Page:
"I'm not sure what we are getting for the money we spend on service awards."Before you throw them out, let me share three reasons why celebrating milestones (including your service awards) can be one of the best opportunities you have to declare your company values and motivate employees. One disclaimer: Like most things, in order to be meaningful, recognition needs to be done well (something I'll discuss in a later post). Unfortunately, service awards have taken a hard hit in recent years because people forget how to make them meaningful to recipients. Hopefully, these three things can get you back on track:
- Cadence. Milestones trigger reasons to celebrate. Unlike performance awards that may only touch a small percentage of employees at uneven intervals, service awards acknowledge every human being in the organization for the contribution they have made over the years. This timely, and regular, reminder to celebrate with the team member who has a five-year anniversary coming up is a great way for managers to reconnect with the people they work with. The cadence of a milestone helps to remind us that while the daily work demands can consume us, we need to stop every once in a while to celebrate our people.
- Receptivity. Milestones are objective. They are transparent and they get rid of the "dark side" of recognition. Performance awards on the other hand are subject to perceptions of fairness -- not a show stopper, but it is something to be aware of nonetheless. The problem is when you rely entirely on performance awards to recognize employees three things will likely occur: a) some achievements will be overlooked; b) people will question the validity of the award; and c) managers will begin recognizing people privately. Milestone awards are much different. People are more open and willing to listen during a service anniversary celebration. Isn't this your primary objective in the first place? To get an opportunity to communicate with all of your employees when they are more receptive to the message? A receptive audience is more likely to hear what you have to say and you are able to communicate it in a positive way.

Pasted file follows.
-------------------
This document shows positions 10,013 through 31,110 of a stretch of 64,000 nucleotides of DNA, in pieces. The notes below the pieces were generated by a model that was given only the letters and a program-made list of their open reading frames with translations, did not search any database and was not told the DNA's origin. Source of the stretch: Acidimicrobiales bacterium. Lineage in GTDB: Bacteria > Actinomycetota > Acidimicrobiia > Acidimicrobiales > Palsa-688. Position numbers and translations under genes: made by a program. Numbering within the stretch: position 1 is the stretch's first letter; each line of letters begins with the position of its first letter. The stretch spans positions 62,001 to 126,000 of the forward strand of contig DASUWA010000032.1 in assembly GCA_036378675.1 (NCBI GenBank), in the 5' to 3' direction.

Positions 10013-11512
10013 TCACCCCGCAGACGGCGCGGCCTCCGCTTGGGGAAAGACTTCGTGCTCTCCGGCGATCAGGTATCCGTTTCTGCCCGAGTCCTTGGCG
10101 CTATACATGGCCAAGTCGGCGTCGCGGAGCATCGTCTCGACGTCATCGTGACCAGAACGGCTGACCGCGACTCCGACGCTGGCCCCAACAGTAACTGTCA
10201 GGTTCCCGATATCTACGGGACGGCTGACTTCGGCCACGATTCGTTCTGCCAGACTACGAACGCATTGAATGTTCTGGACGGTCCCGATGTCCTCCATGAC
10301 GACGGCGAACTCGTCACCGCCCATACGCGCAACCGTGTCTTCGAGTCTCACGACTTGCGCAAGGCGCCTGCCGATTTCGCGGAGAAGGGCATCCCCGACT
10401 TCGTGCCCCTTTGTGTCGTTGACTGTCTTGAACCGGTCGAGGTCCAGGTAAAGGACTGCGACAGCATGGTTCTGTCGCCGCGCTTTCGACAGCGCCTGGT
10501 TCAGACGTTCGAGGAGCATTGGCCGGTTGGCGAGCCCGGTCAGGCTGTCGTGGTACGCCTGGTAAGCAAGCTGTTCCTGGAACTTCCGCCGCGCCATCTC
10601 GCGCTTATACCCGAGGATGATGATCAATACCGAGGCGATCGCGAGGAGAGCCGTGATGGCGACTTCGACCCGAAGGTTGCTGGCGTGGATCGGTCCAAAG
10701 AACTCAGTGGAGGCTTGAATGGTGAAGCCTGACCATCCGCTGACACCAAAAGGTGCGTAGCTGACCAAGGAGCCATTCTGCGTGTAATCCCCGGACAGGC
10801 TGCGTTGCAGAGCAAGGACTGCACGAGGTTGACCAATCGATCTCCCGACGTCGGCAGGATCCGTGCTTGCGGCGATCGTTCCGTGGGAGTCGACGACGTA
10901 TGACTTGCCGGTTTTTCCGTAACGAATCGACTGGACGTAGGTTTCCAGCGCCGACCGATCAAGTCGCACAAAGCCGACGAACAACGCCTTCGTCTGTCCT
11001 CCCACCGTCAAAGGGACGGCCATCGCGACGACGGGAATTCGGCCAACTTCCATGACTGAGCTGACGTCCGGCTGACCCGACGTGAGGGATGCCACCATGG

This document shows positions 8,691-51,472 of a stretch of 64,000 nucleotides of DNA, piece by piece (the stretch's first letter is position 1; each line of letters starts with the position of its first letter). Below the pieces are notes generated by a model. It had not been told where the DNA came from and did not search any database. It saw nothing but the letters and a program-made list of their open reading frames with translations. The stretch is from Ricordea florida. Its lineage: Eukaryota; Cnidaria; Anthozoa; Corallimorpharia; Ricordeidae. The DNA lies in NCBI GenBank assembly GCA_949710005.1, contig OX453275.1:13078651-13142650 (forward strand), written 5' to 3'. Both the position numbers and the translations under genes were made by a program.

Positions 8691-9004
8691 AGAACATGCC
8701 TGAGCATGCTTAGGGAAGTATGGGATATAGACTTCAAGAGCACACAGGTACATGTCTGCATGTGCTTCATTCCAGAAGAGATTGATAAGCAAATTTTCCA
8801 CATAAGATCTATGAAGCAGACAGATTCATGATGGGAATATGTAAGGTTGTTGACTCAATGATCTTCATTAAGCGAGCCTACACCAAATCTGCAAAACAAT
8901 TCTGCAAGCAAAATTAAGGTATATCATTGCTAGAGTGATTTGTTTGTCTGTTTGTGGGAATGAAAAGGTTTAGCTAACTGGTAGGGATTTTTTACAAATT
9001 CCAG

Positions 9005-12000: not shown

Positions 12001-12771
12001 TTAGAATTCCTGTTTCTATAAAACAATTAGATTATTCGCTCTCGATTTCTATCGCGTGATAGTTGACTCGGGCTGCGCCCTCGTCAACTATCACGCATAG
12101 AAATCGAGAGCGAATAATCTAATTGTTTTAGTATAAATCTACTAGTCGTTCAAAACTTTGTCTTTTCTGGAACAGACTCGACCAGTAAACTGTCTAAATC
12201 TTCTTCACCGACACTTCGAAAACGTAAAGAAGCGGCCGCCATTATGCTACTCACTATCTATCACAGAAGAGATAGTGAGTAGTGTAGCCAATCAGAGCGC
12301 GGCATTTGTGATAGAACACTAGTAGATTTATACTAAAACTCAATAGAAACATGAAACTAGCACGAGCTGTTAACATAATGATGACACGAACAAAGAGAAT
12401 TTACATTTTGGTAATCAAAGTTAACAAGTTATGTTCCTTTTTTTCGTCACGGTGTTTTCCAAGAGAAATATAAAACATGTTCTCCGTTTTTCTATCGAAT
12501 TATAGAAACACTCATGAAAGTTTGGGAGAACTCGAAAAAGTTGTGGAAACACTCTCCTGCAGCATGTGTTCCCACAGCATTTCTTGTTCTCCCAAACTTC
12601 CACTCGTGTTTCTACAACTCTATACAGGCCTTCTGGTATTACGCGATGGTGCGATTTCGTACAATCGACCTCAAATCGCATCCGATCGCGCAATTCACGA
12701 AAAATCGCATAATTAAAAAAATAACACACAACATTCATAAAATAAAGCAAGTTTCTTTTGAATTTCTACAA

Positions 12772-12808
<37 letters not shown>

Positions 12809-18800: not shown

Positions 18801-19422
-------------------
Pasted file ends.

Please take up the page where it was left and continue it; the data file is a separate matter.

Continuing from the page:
- Audience. Milestones are big events that usually involve lots of people. A well prepared celebration doesn't require a lot of time or money, but you should think about it in advance. What would I like to communicate to this individual today? How has their contribution made us a better company? Is there anything I want to emphasize so that others will hopefully get the point as well? Remember, your message isn't just for the award recipient. So, what you say to the individual should be relevant to those listening as well. Ask a few of the employee's colleagues to participate in advance, and remind them to focus their comments on how the person's contributions have made the company better. Afterwards, invite the manager to say a few words linking the behaviors of the individual with the corporate values. The result: A message given to the whole audience, which celebrates the individual and lifts everyone.
Remember, recognition is about communicating the positive things we do at work (and we need at least 3 -5 positives for every negative). Done properly, recognition builds trust, it lifts people up, and it prepares them for the multiple tasks that lie ahead. Why would you want to take one of the most effective and most positive ways to communicate away?